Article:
On March 2-3, our colleagues at Partners in Health hosted a conference on non-communicable diseases (NCDs) at Harvard Medical School. Ryan Schwarz, Bibhav Acharya and I attended from Nyaya Health. The conference’s title–”The Long Tail of Global Health Equity”–referred to the observation that while a small handful of conditions (HIV, malaria, maternal mortality, etc) each account for a large global burden of disease and disability, there is a large tail to the curve of diseases whereby an array of less common conditions together make up a tremendous burden of disease. In particular, this group of diseases–because of its diversity–has not received as much attention or concerted effort in the global health response. As Dean Julio Frank of Harvard School of Public Health remarked, “Just because there are diseases only of the poor, doesn’t mean they’re the only diseases of the poor.” The myth that infectious diseases are either the only health problems, or the only addressable health problems, of the global poor has constrained the global health movement.
We’ve seen this problem for years in our work in Nepal. There is tremendous financial support, political effort, evidence base, and detailed algorithms for managing conditions like HIV and TB in resource limited settings. Indeed, PIH published fantastic books on management of HIV and MDR TB dating back nearly a decade. These books hand wonderful management strategies for settings where advanced diagnostics were not available, and they were easy to translate into clinical practice across an array of settings (I relied on them in both Nepal and South Africa).
In contrast, when we’ve tried to bolster our programs for caring for other chronic conditions like chronic obstructive pulmonary disease (COPD)–one of the most common diagnoses at Bayalpata Hospital–we’ve found little in the way of helpful guidelines designed for resource-limited settings. With the example of COPD, there are guidelines from the Global Initiative for Chronic Obstructive Lung Disease (the GOLD guidelines). However, they state that COPD should be diagnosed by spirometry, and only provide a tiny footnote for settings that do not have spirometry, providing the vague advice that clinicians should then “use all available tools.” We do not have a spirometer at our hospital, nor is there one available anywhere in the district or any surrounding district. I’ve not seen one in any district hospital in Nepal. I would like to see us obtain a spirometer, but the present reality is that the vast majority of COPD patients in Nepal are diagnosed and cared for without spirometry, and we can provide them good care. Good clinical protocols are a necessary component.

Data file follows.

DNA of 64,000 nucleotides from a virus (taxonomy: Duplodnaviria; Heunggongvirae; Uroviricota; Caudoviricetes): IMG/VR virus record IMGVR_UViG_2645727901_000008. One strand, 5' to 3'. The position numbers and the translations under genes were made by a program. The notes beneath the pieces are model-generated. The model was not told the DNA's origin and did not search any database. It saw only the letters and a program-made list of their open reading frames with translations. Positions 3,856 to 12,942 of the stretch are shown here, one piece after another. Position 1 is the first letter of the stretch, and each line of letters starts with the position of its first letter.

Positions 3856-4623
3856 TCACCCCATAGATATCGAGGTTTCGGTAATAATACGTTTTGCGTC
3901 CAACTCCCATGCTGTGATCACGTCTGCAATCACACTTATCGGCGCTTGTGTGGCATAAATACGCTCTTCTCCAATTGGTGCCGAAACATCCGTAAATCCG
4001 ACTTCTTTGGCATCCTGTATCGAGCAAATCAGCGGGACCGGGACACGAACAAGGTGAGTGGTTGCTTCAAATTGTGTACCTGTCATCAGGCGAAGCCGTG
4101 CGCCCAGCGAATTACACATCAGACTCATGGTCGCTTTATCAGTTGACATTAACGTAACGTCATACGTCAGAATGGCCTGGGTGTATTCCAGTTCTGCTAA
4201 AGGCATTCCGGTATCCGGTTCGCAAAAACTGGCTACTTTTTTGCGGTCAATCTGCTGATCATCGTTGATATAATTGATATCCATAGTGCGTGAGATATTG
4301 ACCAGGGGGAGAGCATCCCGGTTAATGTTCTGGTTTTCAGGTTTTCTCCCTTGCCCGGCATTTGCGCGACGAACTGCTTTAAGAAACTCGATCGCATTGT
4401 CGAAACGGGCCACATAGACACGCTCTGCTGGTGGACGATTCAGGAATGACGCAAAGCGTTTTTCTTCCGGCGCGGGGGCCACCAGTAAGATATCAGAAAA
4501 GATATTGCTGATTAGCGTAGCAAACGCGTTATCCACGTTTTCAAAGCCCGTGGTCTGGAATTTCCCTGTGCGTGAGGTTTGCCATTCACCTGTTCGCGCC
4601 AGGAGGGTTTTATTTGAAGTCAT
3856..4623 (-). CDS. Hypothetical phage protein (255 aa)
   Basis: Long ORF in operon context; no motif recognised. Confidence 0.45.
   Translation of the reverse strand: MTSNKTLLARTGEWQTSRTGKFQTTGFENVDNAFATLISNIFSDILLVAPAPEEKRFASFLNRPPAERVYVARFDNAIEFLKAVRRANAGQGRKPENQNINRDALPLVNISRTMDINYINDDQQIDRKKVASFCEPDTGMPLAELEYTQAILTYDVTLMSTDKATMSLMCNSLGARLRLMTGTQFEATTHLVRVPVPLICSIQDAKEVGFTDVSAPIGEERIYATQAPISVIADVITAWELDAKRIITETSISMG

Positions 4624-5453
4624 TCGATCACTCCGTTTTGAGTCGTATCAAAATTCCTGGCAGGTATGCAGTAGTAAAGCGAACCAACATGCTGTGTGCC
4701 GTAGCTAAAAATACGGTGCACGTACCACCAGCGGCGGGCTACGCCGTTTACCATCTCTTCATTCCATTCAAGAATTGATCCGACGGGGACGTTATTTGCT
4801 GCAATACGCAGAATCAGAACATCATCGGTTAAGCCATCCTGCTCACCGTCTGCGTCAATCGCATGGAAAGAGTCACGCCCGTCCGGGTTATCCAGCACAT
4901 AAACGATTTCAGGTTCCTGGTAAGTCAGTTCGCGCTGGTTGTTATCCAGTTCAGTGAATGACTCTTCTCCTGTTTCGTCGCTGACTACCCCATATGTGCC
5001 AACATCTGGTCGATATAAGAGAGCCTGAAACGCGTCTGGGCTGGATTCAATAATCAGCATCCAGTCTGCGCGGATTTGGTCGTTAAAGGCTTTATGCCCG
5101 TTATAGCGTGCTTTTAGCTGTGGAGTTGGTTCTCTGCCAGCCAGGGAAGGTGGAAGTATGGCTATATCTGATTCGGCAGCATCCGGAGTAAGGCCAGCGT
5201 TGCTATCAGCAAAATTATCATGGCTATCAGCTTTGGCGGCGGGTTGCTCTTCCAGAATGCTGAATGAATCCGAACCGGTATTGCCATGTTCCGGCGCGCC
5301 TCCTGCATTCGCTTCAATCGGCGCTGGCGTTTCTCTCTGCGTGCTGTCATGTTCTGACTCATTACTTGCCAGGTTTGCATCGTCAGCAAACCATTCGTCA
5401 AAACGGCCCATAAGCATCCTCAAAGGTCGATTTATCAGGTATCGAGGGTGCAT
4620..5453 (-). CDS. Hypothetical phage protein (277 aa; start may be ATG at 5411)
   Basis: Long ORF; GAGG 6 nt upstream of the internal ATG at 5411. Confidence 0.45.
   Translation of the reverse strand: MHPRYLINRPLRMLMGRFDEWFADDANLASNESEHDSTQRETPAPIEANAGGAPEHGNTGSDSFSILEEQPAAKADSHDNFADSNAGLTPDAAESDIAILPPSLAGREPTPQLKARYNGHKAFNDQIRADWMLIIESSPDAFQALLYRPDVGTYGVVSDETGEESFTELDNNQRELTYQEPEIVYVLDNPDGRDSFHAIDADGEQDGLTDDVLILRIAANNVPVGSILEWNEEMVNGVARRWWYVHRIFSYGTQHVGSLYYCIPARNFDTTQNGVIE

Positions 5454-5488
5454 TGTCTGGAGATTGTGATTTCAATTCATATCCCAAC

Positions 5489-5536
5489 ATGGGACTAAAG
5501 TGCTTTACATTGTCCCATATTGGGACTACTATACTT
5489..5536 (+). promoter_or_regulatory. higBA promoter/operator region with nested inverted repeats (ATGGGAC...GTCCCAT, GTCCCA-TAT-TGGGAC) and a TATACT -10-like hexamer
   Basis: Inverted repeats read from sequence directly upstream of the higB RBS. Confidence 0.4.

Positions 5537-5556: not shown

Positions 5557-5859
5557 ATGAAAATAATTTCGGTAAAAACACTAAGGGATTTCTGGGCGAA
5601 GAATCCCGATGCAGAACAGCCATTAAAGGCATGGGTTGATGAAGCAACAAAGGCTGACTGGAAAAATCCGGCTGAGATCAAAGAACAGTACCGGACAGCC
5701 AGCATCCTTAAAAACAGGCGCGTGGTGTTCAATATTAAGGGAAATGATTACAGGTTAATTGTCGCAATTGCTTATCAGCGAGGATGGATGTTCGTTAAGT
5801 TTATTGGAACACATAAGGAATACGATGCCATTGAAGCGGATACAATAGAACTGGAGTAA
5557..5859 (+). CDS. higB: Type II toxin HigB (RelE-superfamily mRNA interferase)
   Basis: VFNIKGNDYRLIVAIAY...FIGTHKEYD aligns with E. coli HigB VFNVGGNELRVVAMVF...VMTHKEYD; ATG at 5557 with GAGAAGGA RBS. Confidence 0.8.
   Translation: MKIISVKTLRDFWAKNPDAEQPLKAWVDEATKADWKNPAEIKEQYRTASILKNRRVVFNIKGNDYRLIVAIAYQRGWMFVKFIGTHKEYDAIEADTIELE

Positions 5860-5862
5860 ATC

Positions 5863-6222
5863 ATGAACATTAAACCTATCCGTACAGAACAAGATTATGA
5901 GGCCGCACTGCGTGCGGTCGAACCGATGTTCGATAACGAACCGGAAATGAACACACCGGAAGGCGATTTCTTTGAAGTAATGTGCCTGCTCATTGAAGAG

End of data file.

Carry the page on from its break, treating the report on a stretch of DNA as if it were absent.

Diabetes presents similar challenges. It has been unequivocally more difficult to manage diabetes than HIV in our setting. Insulin is ideally refrigerated, and few of our patients even have electricity. Little investment has been made in training staff or providing financial support to health centers to provide care for this common disease, which is often a source of impoverishment for families in Nepal as they struggle to get patients minimum diabetes care. As we heard from participants across the globe at this conference, this experience is common throughout resource-limited settings.
We, as providers caring for the poor across the world, have desperately needed good protocols for managing NCDs. Implementing these will be the first, immediate thing that will help us improve care for our patients. But we also need to see more commitment to resources and infrastructure, and we need to see political will at the top. The hope for this currently rests in the UN General Assembly meeting in September, which will convene a summit on Non-Communicable Diseases.
We will keep our ears to the ground to see how we might support our friends and colleagues who are advocating for more emphasis and resources for NCDs as this summit approaches. And for now, we look forward to reviewing the PIH NCD manual and incorporating its content into our health programs in Achham.
Jason Andrews, MD is the co-founder and Chief Medical Officer of Nyaya Health. He is currently a fellow in the Division of Infectious Diseases at Massachusetts General Hospital.